Problems with attendance and inclusion at school for children with epilepsy, study indicates

1 Nov 2021

Children with epilepsy and their parents feel that they are less included

in playground activities than children without epilepsy, a new study, published in the journal Seizure, suggests.

The study aimed to better understand whether children with epilepsy, their parents and school staff feel these children are included and able to participate at school.

The research, carried out by researchers from Young Epilepsy and Great Ormond Street Hospital, included 68 families and 56 staff members. Staff in mainstream schools were found to be more worried about attendance for children with epilepsy than staff in special schools. Two-fifths (41%) of parents said their child was currently or had experienced difficulties attending school. While most staff and parents agreed that the children with epilepsy were included in classroom activities as much as children without epilepsy, this wasn’t the case for playground activities. Parents were significantly less likely than staff members to feel their child was included in playground activities. Parents were also more confident in their child’s inclusion at school at special schools compared with mainstream schools.

Parents worried that children may be excluded from activities at school due to staff decisions, the child’s own choice or exclusion by other children, the research showed. Almost two-thirds (64%) of children felt restricted in their activities at school due to their epilepsy and over half (56%) of parents agreed.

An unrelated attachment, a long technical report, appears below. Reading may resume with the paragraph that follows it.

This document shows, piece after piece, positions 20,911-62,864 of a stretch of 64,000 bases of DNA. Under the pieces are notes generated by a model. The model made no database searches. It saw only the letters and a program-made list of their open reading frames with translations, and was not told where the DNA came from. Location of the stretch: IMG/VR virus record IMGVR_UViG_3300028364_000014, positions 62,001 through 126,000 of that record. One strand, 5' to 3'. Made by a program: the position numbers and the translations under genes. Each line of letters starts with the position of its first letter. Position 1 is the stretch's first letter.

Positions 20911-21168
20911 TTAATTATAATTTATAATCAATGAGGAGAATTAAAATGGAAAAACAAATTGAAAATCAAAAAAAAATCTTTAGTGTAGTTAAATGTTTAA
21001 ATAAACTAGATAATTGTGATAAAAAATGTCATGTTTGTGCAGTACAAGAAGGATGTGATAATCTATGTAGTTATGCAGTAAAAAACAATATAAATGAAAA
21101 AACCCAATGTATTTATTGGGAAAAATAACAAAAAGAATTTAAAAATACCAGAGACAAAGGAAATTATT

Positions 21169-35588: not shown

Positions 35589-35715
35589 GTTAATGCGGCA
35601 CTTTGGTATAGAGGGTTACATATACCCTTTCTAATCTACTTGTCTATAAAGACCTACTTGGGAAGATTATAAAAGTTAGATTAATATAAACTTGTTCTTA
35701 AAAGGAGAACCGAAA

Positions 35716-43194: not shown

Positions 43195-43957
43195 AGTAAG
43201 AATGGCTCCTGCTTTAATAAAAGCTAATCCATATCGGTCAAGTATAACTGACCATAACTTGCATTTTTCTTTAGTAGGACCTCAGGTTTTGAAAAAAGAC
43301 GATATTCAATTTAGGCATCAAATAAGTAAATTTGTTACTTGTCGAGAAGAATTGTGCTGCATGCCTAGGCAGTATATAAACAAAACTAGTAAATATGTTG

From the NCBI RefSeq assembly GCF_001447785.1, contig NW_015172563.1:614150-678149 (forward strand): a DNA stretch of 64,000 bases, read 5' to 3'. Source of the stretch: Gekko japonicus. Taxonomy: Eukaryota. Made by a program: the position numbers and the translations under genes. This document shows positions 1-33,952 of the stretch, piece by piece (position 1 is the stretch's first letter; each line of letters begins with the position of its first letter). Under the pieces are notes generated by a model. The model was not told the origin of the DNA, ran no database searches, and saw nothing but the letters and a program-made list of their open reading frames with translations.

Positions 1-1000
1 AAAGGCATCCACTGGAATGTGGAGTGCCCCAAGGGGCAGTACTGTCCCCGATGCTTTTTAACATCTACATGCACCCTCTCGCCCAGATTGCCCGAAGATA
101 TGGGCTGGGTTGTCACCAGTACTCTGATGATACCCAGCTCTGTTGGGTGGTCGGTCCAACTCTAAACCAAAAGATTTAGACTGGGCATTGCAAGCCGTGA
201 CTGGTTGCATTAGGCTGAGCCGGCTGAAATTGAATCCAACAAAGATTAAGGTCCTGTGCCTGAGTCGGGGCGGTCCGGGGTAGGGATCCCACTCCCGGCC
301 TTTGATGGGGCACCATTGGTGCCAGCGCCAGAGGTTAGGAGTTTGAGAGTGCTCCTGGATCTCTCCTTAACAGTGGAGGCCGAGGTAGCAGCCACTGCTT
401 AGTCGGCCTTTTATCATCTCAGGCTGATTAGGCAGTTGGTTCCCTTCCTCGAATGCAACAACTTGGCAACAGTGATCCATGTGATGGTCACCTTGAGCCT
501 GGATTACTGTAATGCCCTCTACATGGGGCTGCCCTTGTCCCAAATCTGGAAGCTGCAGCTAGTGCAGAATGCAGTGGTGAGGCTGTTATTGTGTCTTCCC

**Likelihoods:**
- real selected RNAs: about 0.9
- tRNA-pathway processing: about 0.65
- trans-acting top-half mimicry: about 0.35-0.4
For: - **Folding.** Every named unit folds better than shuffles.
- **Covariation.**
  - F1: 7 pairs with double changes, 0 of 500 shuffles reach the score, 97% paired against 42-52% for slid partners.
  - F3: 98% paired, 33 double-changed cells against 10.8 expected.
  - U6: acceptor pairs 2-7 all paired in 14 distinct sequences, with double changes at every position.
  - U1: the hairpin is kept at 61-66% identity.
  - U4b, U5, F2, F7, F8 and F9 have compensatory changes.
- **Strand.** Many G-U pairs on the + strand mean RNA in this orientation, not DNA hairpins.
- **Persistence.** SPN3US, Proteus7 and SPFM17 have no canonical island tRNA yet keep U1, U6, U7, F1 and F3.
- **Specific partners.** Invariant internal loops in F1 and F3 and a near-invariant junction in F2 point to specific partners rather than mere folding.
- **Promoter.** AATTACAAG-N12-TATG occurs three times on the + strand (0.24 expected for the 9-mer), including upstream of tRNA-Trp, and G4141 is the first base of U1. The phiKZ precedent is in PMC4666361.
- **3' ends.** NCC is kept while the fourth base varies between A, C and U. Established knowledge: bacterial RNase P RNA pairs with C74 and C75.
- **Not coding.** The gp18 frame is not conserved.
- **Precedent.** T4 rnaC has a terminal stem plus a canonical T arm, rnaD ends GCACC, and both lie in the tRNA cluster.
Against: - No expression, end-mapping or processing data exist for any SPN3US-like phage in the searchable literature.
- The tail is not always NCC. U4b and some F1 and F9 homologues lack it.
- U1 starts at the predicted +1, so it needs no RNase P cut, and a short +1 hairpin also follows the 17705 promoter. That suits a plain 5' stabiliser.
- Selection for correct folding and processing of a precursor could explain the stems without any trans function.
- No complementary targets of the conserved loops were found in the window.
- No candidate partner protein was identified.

Parents and children with epilepsy reported bullying at school, but most did not put this down to their epilepsy. Parents were more likely than school staff to agree that their child was being bullied because of their epilepsy or another reason. Parents were also more likely to feel this way if their child went to mainstream school compared with special school.

Study authors Emma Johnson and her colleagues stressed that attendance problems for children with epilepsy can lead to academic, social and emotional difficulties. The researchers suggest that issues with taking part, bullying and friendships may be down to other health conditions rather than their epilepsy itself. They concluded that we need to better understand the effect of epilepsy on school life in order to improve attendance and reduce bullying.

The full study is available on the Seizure journal website.

 

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